Looking for evidence of climate change impacts in the eastern Irish Sea
- 1Cities Institute, London Metropolitan University, Ladbroke House, 62-66 Highbury Grove, London, N5 2AD, UK
- 2ABPMer, Suite B, Waterside House, Town Quay, Southampton, SO14 2AQ, UK
- 3National Oceanographic Centre, Joseph Proudman Building, 6, Brownlow Street, Liverpool, L3 5DA, UK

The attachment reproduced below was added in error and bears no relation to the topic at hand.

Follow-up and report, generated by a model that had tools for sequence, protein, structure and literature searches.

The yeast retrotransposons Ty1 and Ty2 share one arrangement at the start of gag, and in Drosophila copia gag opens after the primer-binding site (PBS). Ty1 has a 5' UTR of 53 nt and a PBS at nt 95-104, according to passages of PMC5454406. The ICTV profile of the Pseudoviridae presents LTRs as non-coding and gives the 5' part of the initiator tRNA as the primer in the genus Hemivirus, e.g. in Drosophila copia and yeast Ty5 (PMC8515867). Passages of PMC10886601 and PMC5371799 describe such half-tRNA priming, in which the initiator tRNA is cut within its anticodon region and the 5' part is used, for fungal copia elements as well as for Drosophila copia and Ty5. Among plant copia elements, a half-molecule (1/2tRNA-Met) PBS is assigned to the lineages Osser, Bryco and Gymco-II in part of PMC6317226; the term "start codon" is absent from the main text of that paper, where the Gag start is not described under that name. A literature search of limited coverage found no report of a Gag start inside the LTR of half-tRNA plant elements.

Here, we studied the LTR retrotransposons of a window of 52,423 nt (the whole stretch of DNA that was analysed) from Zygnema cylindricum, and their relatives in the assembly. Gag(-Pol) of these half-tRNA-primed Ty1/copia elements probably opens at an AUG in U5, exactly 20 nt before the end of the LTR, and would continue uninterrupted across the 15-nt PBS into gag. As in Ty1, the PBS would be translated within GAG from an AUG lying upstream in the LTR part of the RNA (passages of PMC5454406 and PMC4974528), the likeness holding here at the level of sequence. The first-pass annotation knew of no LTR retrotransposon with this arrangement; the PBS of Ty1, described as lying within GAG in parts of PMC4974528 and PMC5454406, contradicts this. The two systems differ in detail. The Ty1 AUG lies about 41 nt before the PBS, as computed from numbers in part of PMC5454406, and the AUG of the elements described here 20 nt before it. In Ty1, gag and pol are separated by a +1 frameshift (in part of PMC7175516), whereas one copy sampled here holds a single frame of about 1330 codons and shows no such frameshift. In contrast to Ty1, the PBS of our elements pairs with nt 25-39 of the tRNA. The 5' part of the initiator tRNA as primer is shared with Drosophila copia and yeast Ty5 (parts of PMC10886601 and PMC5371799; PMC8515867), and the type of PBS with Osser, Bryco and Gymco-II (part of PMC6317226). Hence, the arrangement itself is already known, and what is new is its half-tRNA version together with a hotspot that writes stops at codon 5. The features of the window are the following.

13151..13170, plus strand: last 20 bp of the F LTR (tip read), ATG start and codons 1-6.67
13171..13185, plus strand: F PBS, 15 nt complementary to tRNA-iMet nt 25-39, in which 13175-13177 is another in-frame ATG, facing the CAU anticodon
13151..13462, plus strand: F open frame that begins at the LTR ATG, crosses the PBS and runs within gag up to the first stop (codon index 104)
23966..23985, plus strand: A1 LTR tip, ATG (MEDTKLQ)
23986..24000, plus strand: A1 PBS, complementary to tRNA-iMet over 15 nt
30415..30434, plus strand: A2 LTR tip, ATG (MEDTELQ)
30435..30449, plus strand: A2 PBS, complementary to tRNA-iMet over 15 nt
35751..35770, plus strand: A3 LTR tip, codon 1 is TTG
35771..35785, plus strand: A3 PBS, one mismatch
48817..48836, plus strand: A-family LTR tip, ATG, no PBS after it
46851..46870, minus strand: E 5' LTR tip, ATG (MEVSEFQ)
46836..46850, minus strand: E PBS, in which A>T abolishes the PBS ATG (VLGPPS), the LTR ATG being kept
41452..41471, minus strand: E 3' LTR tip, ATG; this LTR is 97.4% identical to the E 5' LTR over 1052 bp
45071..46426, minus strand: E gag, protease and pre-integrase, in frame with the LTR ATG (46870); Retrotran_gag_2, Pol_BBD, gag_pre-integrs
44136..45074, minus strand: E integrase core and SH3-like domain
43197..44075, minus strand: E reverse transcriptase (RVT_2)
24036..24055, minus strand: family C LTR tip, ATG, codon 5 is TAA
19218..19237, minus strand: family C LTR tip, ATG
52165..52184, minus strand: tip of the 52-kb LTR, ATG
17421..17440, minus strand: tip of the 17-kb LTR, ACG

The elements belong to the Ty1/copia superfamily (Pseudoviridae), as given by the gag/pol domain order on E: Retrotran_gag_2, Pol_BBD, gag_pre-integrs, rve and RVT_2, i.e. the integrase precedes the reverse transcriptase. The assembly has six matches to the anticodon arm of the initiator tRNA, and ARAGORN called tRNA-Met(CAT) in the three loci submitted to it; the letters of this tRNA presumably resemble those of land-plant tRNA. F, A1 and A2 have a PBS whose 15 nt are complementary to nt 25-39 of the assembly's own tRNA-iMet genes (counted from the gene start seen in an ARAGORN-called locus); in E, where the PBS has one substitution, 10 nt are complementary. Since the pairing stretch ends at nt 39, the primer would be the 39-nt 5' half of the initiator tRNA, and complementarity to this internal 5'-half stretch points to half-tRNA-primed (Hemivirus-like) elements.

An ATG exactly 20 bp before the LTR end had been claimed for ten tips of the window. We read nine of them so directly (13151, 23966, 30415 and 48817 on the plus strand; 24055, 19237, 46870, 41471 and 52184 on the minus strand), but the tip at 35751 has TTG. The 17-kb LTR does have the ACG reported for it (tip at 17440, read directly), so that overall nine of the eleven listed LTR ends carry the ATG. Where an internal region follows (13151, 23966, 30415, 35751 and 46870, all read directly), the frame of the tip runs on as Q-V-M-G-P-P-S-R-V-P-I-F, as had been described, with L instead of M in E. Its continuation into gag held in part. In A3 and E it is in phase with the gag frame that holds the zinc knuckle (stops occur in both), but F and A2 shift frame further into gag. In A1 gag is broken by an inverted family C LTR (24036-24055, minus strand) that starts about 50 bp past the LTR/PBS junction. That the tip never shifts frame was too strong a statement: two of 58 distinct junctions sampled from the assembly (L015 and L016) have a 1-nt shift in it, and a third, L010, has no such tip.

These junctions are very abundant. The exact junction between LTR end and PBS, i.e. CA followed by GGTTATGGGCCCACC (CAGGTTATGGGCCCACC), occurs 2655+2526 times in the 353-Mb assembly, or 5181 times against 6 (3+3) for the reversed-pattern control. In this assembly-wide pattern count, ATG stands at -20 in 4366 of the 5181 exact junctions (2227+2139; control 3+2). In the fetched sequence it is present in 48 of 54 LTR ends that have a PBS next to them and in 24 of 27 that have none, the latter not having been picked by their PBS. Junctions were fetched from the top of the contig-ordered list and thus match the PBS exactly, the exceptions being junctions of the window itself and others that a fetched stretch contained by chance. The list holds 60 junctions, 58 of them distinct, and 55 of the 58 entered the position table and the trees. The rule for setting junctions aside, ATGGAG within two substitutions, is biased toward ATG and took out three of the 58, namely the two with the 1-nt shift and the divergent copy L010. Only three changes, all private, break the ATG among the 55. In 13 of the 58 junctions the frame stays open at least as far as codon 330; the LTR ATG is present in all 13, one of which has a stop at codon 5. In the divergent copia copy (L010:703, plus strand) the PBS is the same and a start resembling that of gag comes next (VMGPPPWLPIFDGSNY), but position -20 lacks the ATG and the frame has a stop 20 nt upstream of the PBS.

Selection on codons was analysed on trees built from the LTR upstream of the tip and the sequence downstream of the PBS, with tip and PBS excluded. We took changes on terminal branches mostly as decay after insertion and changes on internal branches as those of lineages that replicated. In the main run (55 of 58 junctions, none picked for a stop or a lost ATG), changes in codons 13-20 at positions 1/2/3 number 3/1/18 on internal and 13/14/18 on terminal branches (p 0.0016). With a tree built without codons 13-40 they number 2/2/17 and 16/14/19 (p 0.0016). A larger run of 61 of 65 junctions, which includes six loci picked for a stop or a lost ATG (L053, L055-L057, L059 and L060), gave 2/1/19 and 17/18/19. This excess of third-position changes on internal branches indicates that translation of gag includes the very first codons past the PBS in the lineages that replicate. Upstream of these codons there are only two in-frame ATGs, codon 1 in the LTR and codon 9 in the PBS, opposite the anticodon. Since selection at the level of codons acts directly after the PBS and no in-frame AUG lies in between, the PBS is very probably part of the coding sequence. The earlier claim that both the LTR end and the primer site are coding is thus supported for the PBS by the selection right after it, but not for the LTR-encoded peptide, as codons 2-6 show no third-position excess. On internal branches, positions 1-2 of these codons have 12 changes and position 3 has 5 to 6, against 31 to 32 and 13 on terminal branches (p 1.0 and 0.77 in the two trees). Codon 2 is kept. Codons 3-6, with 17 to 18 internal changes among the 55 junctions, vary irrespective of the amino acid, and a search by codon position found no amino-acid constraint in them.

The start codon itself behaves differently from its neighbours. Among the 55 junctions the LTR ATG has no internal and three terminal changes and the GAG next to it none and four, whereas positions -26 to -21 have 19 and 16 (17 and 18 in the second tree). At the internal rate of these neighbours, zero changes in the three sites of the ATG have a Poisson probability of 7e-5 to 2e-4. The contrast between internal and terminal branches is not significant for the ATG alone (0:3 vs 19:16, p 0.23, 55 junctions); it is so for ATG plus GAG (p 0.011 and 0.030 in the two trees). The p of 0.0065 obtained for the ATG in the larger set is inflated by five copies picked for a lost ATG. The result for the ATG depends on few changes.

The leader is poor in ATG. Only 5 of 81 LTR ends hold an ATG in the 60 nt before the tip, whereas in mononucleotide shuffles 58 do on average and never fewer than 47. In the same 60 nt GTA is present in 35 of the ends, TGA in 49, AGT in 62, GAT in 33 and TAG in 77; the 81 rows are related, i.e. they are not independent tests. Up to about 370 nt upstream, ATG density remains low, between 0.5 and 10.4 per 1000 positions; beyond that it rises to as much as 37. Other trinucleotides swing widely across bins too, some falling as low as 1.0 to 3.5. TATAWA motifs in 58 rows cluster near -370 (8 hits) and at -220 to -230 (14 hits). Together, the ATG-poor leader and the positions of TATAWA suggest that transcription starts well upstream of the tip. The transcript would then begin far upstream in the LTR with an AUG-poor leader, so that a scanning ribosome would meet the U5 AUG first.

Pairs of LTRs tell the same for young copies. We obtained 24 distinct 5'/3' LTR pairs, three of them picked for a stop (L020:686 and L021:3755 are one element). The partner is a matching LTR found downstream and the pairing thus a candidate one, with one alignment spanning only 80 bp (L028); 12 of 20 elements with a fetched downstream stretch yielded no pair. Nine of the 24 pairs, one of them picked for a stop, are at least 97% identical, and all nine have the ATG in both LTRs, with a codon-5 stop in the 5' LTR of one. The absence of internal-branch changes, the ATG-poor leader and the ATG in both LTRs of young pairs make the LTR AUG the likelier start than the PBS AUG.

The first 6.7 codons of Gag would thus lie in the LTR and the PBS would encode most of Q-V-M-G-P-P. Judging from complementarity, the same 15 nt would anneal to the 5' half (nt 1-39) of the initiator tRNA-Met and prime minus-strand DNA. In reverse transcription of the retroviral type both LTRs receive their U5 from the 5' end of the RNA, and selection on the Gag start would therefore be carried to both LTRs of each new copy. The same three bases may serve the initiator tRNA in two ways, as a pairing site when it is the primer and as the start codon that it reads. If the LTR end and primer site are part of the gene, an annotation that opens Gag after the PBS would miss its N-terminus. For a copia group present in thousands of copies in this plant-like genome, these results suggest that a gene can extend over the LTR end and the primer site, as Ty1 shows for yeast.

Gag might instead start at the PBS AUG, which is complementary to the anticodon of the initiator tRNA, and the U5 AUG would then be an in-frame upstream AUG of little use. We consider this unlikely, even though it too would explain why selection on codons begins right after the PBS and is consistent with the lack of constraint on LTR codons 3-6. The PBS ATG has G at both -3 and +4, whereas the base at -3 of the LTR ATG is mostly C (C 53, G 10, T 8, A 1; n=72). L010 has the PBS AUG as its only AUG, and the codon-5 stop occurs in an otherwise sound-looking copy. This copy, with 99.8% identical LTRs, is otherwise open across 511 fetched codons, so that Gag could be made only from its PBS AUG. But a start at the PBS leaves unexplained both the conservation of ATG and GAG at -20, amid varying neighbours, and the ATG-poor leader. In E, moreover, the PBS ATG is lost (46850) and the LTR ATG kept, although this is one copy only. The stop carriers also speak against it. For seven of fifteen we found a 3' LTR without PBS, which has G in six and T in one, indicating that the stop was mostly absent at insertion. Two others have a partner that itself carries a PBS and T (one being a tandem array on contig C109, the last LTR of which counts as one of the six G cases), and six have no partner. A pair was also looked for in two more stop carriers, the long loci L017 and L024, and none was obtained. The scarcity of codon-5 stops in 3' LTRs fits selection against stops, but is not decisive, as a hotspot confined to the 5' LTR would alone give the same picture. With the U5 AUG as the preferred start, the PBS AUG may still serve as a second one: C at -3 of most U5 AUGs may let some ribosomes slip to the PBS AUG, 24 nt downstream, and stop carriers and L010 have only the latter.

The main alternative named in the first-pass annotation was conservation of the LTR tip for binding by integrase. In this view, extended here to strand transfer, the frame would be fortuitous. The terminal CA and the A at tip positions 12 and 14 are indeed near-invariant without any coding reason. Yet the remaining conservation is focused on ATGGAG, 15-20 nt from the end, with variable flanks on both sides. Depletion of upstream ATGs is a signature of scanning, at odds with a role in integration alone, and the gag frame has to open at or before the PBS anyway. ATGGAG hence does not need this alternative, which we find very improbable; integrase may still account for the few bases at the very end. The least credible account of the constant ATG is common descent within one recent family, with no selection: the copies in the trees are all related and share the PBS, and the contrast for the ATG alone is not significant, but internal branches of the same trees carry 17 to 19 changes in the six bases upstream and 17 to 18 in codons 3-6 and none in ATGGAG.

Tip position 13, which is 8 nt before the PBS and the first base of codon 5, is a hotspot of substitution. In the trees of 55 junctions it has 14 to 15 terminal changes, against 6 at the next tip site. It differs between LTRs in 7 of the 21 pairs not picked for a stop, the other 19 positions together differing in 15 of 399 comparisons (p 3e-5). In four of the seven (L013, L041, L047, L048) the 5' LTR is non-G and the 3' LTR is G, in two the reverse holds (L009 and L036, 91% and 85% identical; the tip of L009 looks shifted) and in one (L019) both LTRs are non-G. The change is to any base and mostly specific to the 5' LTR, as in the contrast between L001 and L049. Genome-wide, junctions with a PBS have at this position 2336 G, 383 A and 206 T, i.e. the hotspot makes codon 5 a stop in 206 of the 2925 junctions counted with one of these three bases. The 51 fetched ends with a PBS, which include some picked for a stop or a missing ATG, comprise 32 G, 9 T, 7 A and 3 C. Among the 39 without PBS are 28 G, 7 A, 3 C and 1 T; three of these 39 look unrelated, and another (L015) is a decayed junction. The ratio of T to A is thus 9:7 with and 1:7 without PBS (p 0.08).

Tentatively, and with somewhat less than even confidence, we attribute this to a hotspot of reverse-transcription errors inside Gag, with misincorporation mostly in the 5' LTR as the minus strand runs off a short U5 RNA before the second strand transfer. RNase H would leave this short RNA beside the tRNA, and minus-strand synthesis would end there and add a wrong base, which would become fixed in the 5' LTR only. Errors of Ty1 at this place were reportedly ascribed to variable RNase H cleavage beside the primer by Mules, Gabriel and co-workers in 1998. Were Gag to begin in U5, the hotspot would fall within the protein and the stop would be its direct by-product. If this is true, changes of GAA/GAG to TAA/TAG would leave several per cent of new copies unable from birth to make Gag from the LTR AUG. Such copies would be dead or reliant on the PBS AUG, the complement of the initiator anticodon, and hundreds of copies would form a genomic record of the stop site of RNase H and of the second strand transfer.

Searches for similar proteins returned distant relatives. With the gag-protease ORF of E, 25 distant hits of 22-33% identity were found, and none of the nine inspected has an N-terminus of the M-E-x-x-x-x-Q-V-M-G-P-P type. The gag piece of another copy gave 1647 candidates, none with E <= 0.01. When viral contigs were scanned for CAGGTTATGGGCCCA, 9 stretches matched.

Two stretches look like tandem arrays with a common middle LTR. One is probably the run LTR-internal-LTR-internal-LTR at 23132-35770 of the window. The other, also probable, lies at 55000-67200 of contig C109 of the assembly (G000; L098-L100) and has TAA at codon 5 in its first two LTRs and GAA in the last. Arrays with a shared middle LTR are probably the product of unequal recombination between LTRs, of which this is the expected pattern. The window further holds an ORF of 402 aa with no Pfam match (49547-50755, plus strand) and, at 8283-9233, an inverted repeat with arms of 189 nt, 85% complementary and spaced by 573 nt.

Abstract. Although storminess is often cited as a driver of long-term coastal erosion, a lack of suitable datasets has only allowed objective assessment of this claim in a handful of case studies. This reduces our ability to understand and predict how the coastline may respond to an increase in "storminess" as suggested by global and regional climate models. With focus on 16 km of the Sefton coastline bordering the eastern Irish Sea (UK), this paper analyses available measured datasets of water level, surge level, wave height, wind speed and barometric pressure with the objective of finding trends in metocean climate that are consistent with predictions. The paper then examines rates of change in shoreline position over the period 1894 to 2005 with the aim of establishing relationships with climatic variability using a range of measured and modelled metocean parameters (with time spans varying from two to eight decades). With the exception of the mean monthly wind speed, available metocean data do not indicate any statistically significant changes outside seasonal and decadal cycles. No clear relationship was found between changes in metocean conditions and rates of shoreline change along the Sefton coast. High interannual variability and the lack of long-term measurements make unambiguous correlations between climate change and shoreline evolution problematic. However, comparison between the North Atlantic Oscillation winter index (NAOw) and coastline changes suggest increased erosion at times of decreasing NAOw values and reduced erosion at times of increasing NAOw values. Erosion tends to be more pronounced when decreasing NAOw values lead to a strong negative NAO phase. At present, anthropogenic changes in the local sediment budget and the short-term impact of extreme events are still the largest threat likely to affect coastal flooding and erosion risk in the short- and medium-term. Nevertheless, the potential impacts of climate change in the long-term should not be ignored.